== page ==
“We wanted to create a voice experience that promotes parent-child interaction,” says Novel Effect CEO Matt Hammersley. “We saw such a hole in the marketplace. All of the digital devices out there are meant to be given to a kid so that parents can walk away, but technology can be used to promote spending time together. If you remove the screen from the environment, you are more free to have a physical interaction.”
Aside from strengthening family bonds, this level of screen-free engagement could also have health benefits, according to David Bickham, a research scientist at the Center on Media and Child Health at Harvard University.
“Contributing to compulsive mobile use are apps designed to ping you with push notifications. These deliver bursts of dopamine that really fuel a certain kind of engagement that I don’t see the Alexa or Siri doing. They aren’t designed to suck you in in the same way,” says Bickham. “From what I’ve seen, there isn’t anything that mimics the type of rewards program that a lot of video games have, where you’re trying to complete a level or mission. Voice assistants are almost universally passive in that they wait to be activated, and that really reduces my concern over kids using them in problematic ways.”
But if voice-enabled devices aren’t prompting kids to keep coming back, will they want to engage of their own volition? Bickham says he’s not concerned about user retention, since kids naturally enjoy the technology and their seamless ability to interact with it.
While media companies and researchers alike continue to see the benefits of AI-enabled voice tech, some children’s content makers are exercising restraint when it comes to brand integration. Sara DeWitt, VP of digital at PBS KIDS, is concerned about how the youngest of kids—those who can’t read yet and might actually benefit the most from something like this, over a tablet—might be affected.
“I think this tech could be exciting for a preschooler, but there are so many questions about how they might approach a device, and whether or not they really understand who or what they’re talking to,” says DeWitt. “There’s been a lot of research on kids’ ability to differentiate television content from an ad, and that’s something that preschoolers can’t really grasp. So you take that to a whole other extreme when there’s something that doesn’t have a visual component to it. Is that a person, a robot or a machine? Then what if it shifts to a character’s voice—are you really talking to this character? How much do kids really understand what’s going on there?”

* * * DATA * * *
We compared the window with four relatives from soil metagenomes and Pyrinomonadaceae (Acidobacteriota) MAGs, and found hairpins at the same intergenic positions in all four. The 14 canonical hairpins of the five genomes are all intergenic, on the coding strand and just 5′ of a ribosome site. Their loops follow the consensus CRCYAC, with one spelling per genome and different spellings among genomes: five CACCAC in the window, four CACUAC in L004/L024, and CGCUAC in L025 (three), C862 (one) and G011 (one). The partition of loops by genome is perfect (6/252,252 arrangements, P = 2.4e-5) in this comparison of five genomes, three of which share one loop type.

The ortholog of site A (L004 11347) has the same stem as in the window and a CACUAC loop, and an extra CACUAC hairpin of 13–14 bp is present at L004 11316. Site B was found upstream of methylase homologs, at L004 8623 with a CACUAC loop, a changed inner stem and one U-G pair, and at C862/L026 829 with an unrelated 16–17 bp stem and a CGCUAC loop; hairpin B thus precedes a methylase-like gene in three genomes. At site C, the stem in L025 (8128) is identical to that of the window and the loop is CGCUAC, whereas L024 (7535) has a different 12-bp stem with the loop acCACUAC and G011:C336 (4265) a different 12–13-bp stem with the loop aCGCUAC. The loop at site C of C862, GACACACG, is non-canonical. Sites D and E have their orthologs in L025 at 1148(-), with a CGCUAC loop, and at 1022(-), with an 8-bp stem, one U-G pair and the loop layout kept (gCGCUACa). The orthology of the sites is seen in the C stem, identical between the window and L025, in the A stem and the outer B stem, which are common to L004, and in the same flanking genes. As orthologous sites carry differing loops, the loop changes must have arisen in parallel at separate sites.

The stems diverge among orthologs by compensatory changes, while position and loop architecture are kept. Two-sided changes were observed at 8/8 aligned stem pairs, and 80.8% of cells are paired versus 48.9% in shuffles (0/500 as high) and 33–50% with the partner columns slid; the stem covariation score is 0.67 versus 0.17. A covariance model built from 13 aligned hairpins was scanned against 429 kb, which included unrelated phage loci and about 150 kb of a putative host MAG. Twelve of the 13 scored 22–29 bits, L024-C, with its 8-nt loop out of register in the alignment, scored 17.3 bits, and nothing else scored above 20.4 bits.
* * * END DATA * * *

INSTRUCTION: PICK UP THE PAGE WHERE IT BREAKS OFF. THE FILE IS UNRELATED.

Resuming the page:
Mattel is one company that knows the potential drawbacks to this type of technology all too well. At CES 2017, the US toyco debuted its Aristotle voice assistant, which aimed to take children from infancy into adolescence using artificial intelligence as a digital tutor, entertainer and more. But Aristotle never saw the light of day, after a petition from the Campaign for a Commercial-Free Childhood and Story of Stuff Project rallied thousands of signatures, and US government officials sent letters to Mattel arguing that children shouldn’t be encouraged to form bonds with data-collecting devices.
Mattel is now wading back into the space with the release of its new game, Escape Room in a Box, which launched at February’s New York Toy Fair. The toyco has partnered with The Werewolf Experiment on the title, which integrates with Amazon Alexa to offer sound effects and hints when prompted.
“I think this offers an extra dimension to play,” says Mattel CTO Sven Gerjet. “I really love how we’ve made the gaming experience more immersive using devices that people already use in their homes.”
Gerjet adds that Mattel doesn’t intend to put out additional Amazon Alexa experiences or Google Home activities any time soon, but the company is looking to carefully re-enter the voice assistant space with more games and toys that are enhanced with the tech. “We know that not everyone has a voice assistant, although many people do. So we keep asking ourselves how to evolve gameplay to the next level without it being a complete pivot to digital.”